Saturday, June 02, 2012

Fossils on the Beach

I've been fossil hunting for many years now, asking the universe to allow me to find real fossils with my own eyes and my own hands. My first find was in my own front yard. Tom's grandparents, who built our house in the 60's, had two huge boulders brought into their front yard for landscaping. One of them is laden with oyster shell fossils.

I can't remember my very first find in the mountains. It was sometime after the Jesusita fire and the rains the following winter. I was SO excited when I found my first fossil rock, small enough for me to carry home. Many hand carried rocks (laden with 60 million year old oyster shell fossils) later, that year, on an eclipse tide, I utilized all my knowledge of bone development and formation to identify a large bony fossil on Hendry's beach. It was distorted to an unidentifiable shape, recognised only as a bone.
Trebecular and cortical bone in what appears to be a joint curve. This fossil is only identifiable as bone, but not "which" bone. Maybe a pelvis that has been reshaped through time?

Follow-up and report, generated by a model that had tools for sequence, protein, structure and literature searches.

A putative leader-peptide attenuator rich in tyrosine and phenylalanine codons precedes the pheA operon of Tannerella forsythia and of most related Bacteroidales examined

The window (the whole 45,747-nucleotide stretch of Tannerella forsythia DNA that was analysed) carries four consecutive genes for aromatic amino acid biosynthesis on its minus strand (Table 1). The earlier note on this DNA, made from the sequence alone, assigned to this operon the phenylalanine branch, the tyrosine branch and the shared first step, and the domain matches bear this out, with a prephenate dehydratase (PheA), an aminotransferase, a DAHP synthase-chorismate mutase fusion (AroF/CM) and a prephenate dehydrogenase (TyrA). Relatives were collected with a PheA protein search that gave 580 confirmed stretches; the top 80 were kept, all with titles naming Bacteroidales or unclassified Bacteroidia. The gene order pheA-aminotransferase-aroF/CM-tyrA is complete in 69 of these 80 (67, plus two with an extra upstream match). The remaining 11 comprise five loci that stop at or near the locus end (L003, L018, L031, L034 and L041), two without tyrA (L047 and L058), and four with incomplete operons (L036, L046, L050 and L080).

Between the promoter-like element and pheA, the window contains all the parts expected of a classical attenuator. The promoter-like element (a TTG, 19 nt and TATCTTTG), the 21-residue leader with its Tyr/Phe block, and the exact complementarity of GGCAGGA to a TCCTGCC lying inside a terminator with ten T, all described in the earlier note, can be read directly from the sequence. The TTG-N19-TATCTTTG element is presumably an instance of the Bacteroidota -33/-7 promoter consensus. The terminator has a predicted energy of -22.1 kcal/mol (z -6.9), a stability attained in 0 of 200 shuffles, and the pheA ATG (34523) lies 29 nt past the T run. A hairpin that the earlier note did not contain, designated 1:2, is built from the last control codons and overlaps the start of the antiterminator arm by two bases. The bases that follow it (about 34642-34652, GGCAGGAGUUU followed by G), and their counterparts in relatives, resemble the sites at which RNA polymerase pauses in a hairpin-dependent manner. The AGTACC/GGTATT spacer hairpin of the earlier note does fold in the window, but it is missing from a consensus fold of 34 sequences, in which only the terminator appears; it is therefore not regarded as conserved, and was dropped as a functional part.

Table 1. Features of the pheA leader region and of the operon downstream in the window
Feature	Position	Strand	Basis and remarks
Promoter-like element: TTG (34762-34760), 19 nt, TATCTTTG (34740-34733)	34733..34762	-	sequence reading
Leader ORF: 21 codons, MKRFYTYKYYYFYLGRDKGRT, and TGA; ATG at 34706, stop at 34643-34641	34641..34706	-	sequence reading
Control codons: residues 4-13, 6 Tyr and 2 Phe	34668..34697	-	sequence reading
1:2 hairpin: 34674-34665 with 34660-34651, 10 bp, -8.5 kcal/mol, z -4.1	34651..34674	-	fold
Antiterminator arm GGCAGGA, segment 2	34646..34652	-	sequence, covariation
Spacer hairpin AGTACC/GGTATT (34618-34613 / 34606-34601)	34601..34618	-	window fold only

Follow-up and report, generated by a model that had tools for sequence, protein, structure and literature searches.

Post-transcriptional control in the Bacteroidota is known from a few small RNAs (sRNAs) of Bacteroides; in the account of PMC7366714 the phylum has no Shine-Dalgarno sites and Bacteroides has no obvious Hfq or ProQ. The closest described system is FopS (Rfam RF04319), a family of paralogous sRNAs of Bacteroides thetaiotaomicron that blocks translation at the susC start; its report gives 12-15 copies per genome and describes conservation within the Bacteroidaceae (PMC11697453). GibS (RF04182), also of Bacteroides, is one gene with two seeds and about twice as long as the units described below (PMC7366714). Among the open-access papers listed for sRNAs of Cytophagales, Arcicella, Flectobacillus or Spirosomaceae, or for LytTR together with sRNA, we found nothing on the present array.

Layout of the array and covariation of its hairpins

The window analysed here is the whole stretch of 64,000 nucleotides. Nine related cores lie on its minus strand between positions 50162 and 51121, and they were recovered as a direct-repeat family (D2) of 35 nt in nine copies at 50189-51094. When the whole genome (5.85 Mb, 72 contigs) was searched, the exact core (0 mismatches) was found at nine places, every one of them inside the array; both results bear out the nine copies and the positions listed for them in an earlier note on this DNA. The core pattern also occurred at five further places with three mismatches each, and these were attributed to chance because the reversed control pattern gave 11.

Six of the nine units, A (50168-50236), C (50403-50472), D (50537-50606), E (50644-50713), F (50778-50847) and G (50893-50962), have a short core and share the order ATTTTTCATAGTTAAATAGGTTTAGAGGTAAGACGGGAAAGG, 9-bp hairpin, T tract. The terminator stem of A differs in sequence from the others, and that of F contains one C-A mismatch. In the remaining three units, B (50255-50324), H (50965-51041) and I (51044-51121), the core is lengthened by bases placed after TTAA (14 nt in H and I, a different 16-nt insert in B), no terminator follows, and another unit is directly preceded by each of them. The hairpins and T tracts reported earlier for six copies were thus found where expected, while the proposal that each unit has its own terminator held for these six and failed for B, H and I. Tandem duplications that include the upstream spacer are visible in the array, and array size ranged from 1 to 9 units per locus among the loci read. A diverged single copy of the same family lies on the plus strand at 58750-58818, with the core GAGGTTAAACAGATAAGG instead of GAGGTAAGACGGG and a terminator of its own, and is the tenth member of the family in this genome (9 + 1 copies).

Yesterday, I lit my candle of the moon for June, SERENDIPITY asking for just that. 
 I felt compelled to take a walk on the beach where I found this:

Appears to be either vertebrae or phelanges. Seems to have growth plates. Measuring at about 8 inches per bone.

Notice the joint space and the growth plates.

And this:

This may have been a ribs or a long bone like a femur or tibia/fibula combo that have been flattened in the rock.

The Eclipse tides have been extreme and just enough to clear the sand away. I squealed with delight at my first discovery. I had no one to share it with, except through text.  My family called for a crane.

This morning, I returned. My original discovery was re-buried but I found this:


And this:

This :

this looks like a vertebra


this looked like a long bone or possibly a scapula. The tide today (Wednesday, June 6) revealed more on the underside of the rock.



And this:

This looks like the base of a skull or the first vertebrae. I wish I knew a Vertebrate Paleontologist!

It was as if my eyes were programed to pick the fossils out of the rocks. It was all for me. Serendipity.

How did I get so lucky?

I asked for it. I asked to find fossils, I felt passion for the rocks, I looked and watched, with perseverance. I am a paleontologist. Me.

Joyous serendipity.

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